The more we share, the more we help other people heal!
Below is my old co-worker's journey that I had her write up for me because I feel like it represents SO many people's stories that we just don't hear about. I keep sharing in hopes that you'll share your story, too.
I've been pretty active my whole life. I started swimming and playing tennis when I was really young, played competitive volleyball for 8 years, and after my playing days were over, I still managed to play on the beach recreationally when possible. After feeling like my shoulder was starting to feel the wear and tear of overhead sports, I was introduced to distance running. Nothing super crazy, but I had committed myself to running a race every month (5K, 10K, obstacle races, or half marathons).
When I found out I was pregnant, I checked out a lot of mom blogs and spent hours scrolling through the #fitpregnancy posts on Instagram. My OB-GYN said that whatever activities I was doing before getting pregnant, I'd still be able to continue throughout my pregnancy. I had also read on those mom blogs that staying active will help my body 'bounce back' after delivery, so that was motivation enough to keep me going.
My pregnancy wasn't as easy as I had hoped. I had all day sickness for 4 months with frequent bouts of vomiting (I had somehow managed to lose 5 pounds during my first trimester from all the vomiting). I found out that I had a fibroid on my uterus which, when flared up, caused me to stop everything I was doing and bend over in what I can only describe as the worst menstrual cramps ever experienced, including one trip to the ER. When the second half of second trimester hit, I was much better. I continued to do my training runs and was able to complete 3 5Ks, 2 10Ks, and 3 half marathons during my pregnancy, the last race being a 10K about 3 weeks before delivery. By the time that last run was completed, I was ready to take a break. I was so uncomfortable, and I knew that I deserved to let myself rest, but being on social media was making me wonder why I wasn't able to push myself like all these other super pregnant women.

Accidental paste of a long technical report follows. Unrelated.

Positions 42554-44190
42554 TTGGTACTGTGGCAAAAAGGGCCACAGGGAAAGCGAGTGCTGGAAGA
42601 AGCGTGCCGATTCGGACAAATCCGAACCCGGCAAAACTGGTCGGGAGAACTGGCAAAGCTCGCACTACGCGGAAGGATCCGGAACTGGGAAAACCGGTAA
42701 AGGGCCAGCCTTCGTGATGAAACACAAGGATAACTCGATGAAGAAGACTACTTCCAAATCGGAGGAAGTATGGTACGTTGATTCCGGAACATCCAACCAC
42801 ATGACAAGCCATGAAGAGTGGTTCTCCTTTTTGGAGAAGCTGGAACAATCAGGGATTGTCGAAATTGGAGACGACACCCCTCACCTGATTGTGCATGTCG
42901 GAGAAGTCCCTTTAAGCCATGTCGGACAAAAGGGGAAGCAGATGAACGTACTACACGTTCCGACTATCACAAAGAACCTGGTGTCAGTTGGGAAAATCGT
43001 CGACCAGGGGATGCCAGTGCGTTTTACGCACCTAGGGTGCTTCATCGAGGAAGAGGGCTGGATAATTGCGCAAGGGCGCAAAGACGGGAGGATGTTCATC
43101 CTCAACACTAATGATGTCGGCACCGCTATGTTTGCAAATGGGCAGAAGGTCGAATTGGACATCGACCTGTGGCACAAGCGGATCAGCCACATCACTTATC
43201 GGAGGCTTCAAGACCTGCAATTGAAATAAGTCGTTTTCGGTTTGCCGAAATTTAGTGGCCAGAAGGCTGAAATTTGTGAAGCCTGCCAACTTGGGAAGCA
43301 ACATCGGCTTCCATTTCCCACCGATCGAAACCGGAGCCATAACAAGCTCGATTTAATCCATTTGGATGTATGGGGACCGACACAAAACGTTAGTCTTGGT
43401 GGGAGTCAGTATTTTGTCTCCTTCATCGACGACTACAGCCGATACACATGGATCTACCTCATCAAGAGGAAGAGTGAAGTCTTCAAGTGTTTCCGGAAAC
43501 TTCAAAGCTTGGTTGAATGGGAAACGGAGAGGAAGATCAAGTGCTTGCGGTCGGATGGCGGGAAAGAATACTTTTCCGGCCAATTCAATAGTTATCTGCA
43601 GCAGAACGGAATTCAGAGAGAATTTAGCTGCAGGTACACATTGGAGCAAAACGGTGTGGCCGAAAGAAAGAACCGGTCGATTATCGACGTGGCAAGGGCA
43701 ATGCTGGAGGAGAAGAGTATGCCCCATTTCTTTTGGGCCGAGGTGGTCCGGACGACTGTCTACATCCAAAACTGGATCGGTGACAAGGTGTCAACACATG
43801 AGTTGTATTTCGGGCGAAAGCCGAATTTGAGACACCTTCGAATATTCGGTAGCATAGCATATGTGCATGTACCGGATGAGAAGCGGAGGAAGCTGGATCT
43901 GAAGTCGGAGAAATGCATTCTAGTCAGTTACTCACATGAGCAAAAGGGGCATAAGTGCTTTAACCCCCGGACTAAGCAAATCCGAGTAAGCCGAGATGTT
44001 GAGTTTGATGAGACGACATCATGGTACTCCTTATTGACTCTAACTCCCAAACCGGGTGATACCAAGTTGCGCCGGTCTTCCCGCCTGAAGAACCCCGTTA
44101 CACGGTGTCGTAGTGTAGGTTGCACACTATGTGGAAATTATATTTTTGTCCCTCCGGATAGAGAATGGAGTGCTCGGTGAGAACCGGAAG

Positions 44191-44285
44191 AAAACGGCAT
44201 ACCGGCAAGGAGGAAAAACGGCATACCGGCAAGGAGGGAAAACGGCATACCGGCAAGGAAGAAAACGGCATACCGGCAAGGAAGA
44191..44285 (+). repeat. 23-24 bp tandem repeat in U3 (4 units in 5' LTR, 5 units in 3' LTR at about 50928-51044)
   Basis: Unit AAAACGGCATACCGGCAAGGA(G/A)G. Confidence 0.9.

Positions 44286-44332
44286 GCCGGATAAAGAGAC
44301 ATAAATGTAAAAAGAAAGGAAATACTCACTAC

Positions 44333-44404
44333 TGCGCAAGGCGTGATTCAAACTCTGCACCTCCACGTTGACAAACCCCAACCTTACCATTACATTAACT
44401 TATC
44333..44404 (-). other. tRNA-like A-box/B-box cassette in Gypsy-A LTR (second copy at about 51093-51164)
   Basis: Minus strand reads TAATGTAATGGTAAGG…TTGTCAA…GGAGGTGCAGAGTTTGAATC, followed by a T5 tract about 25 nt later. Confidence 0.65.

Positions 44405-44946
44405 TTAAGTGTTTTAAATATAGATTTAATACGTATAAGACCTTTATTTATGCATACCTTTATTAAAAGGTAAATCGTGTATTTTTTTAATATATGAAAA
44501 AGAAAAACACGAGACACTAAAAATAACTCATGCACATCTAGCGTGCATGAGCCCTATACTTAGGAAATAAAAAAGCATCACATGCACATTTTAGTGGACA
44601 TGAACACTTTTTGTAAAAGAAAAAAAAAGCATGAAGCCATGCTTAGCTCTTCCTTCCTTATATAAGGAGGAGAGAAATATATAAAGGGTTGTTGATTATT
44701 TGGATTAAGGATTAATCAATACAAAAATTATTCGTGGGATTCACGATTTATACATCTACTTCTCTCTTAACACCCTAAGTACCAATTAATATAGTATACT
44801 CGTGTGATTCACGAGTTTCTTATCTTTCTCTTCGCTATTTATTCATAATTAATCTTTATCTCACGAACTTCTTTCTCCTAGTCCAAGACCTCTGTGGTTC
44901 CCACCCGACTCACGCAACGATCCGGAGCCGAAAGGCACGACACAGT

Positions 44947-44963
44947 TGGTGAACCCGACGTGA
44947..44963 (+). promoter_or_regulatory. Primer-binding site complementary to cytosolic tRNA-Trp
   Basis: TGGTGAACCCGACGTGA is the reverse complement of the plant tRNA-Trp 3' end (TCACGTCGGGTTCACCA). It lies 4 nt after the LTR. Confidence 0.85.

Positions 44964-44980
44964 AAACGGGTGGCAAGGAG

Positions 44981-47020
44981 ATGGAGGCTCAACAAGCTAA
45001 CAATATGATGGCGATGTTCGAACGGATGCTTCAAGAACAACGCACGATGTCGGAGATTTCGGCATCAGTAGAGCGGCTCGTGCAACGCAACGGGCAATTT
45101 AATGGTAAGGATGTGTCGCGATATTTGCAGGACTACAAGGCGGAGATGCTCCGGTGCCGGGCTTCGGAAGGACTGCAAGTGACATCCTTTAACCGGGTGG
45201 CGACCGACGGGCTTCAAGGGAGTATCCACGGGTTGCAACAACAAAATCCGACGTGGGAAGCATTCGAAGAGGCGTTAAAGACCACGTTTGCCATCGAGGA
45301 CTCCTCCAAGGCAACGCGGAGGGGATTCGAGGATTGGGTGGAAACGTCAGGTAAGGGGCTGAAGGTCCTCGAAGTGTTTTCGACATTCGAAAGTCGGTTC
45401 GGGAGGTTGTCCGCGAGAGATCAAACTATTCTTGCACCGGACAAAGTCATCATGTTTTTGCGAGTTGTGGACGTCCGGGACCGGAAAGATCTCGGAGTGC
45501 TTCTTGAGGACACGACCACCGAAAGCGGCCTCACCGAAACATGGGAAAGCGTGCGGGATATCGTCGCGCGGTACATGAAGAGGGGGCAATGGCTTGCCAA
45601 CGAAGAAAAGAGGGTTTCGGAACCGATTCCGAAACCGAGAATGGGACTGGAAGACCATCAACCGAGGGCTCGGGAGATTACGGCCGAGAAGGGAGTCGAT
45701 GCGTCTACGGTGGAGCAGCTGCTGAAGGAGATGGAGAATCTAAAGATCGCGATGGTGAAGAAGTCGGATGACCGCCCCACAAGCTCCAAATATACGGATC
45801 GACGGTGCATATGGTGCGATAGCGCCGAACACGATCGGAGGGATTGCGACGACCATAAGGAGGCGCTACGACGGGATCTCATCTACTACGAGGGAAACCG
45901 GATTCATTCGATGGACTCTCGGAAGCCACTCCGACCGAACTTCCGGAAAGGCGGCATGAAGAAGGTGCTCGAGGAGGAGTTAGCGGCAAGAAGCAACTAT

Delivery day came, and long story short, after 2 excruciating hours, I pushed out a baby!
I did the best that I could to enjoy those first few weeks of motherhood, no matter how sleep deprived I was. But one of the most inescapable things that my body was experiencing was some loss of bladder control. Every time I laughed, I peed. When I sneezed, I peed. When I coughed too hard, I peed. There was one night, I was holding the baby, waiting for my husband to get out of the bathroom. I got up with a sudden urge to pee, waited outside the bathroom door, and actually fully peed myself. That was definitely a low point of my life, and I cursed myself for not working on my kegels throughout my pregnancy because in my mind, that was the obvious reason as to why this was happening.
The peeing issue continued, but as I was approaching my 6 week postpartum appointment, all I was hoping for was the 'all clear' to get back to working out. That appointment finally came, I was back to prepregnancy weight (thanks, breastfeeding!), but I didn't mention the peeing situation. He checked me out and said that I am free to work out again. Yah! When I got home from that appointment, I threw on my running clothes to go for my first postpartum run. Literally, I ran no more than 30 feet from my house, and I had already leaked. I thought I'd push through it, ran another 100 feet, leaked even more, and not even making it to the end of my block, I turned around and walked back home. That walk of shame made me think 'Maybe I'm just not ready to get back to working out. Maybe I still wasn't completely healed from delivery to start running again.' I felt embarrassed and powerless.
Over the course of the next 2 years, the peeing issue improved but was still there. I changed the course of my day to always make sure I go to the bathroom any opportunity possible. I crossed my legs every time I sneezed. I hoped that would help. It didn't. I also tried to work on those pesky kegels. That didn't help either. Surely, if I try to strengthen my core muscles, that would solve the problem. Nope. I went through this miserable cycle of not wanting to work out because I kept leaking, ended up emotional eating, gaining weight, wanting to work out to get back into shape, and then being discouraged by the leaking. The secondary punch to the ego was that I majored in Kinesiology with an athletic training emphasis and also earned a Master's in Exercise Science. I felt like a bit of a fraud that someone with the amount of knowledge I have about the human body, specifically the musculoskeletal system, would surely know enough to overcome this problem.